The Shin Bet now says there is no evidence of a plot by Mercaz HaRav students to kill an Islamic leader. But…
…there is a hitch or two to this report, found in Ynet's Hebrew edition, Ma'ariv, and in the Jerusalem Post.
According to the Post, the Shin Bet's announcement calling reports of the plot "baseless" was made in response to this:
The Shin Bet announcement came hours after Sheikh Raed Salah, the head of the Islamic Movement's northern branch, told supporters during a rally in Umm el-Fahm that an Arab country had warned him of plans by extreme right-wing Jews to assassinate him.
Last week, several Israeli papers, led by Arutz 7 online, reported that the Minister of National Security, Avi Dichter, said the Channel One report of the student's plot was baseless. But the papers did not have Dichter's remark in quotation marks, and no paper attributed the remark in any way – in other words, no "Dichter told Arutz 7…" or "A senior ministry source told the Jerusalem Post…"
Our sometime Israel correspondent, the former Ellen Silman, complained that I did not report Dichter's remark as fact. I told Silman I couldn't report it because it had no real attribution. Further, because of the way the stories were written, I was sure the remark came from Minister Zevlun Orlev, the head of the National Religious Party, and a strong supporter of Mercaz Harav. Orlev called the Channel One report of a plot a "blood libel" even before any investigation had taken place, and before he himself had seen any evidence.
Sure enough, I was right:
Several days ago, Public Security Minister Avi Dichter told Orlev that neither the police nor the Shin Bet had information concerning such a plot.
The Post continues with its explanation of why the Shin Bet rushed to release this report clearing Mercaz HaRav, apparently releasing the information on or very closely after Shabbat:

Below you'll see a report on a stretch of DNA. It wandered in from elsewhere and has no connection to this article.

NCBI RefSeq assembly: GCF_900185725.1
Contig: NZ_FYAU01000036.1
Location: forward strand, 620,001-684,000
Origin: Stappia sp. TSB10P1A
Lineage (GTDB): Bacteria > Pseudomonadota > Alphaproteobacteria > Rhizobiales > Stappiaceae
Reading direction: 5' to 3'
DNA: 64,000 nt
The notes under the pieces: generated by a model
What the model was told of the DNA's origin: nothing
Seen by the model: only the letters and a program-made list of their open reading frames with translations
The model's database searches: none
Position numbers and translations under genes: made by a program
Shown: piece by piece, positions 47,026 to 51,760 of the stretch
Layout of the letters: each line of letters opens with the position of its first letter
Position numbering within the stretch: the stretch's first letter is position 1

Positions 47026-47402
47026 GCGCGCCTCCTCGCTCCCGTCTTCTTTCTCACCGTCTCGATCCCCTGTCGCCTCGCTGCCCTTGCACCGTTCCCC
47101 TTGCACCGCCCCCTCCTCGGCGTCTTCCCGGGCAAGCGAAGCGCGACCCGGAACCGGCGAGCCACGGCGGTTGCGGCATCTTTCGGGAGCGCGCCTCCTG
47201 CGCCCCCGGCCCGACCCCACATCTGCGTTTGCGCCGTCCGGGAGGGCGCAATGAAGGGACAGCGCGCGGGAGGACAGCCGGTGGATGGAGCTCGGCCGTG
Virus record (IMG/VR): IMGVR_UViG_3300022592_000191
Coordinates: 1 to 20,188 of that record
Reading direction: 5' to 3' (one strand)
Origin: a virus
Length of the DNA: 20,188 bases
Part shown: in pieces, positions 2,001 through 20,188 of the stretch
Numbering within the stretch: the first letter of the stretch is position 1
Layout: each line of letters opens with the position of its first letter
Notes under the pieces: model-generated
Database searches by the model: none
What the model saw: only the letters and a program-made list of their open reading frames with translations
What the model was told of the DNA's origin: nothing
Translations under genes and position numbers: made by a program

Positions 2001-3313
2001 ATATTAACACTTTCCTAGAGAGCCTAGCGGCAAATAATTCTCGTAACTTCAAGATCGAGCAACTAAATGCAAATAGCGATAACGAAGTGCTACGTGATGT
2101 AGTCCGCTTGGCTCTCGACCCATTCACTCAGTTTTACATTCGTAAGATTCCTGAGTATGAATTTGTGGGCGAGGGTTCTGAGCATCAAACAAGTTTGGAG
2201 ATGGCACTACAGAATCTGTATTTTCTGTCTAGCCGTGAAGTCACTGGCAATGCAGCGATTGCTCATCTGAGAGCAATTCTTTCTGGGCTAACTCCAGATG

Security officials explained Saturday that one of the main reasons for making the statement was to prevent the defaming of an entire sector in society - the National-Religious camp - as well as Yeshivat Mercaz Harav whose students were reported to have been involved in the fabricated plot.
"Clearing" Mercaz HaRav was so important, the Shin Bet had to rush to release its report on Shabbat?
The important thing was responding to Salah and the unnamed Arab country.
So, what's really going on with right wing plans to respond to terror with terror?
Those plans certainly exist. Only the most naive would think otherwise.
The Shin Bet will continue to closely monitor these cells and will, when the time is strategically right, pounce.
Will Mercaz HaRav students or rabbis be among those eventually arrested?
Time will tell.
But this rushed announcement "clearing" Mercaz HaRav should be seen for what it is, and not seen as a blanket approbation for the peaceful good intentions of Israel's increasingly hardline religious right.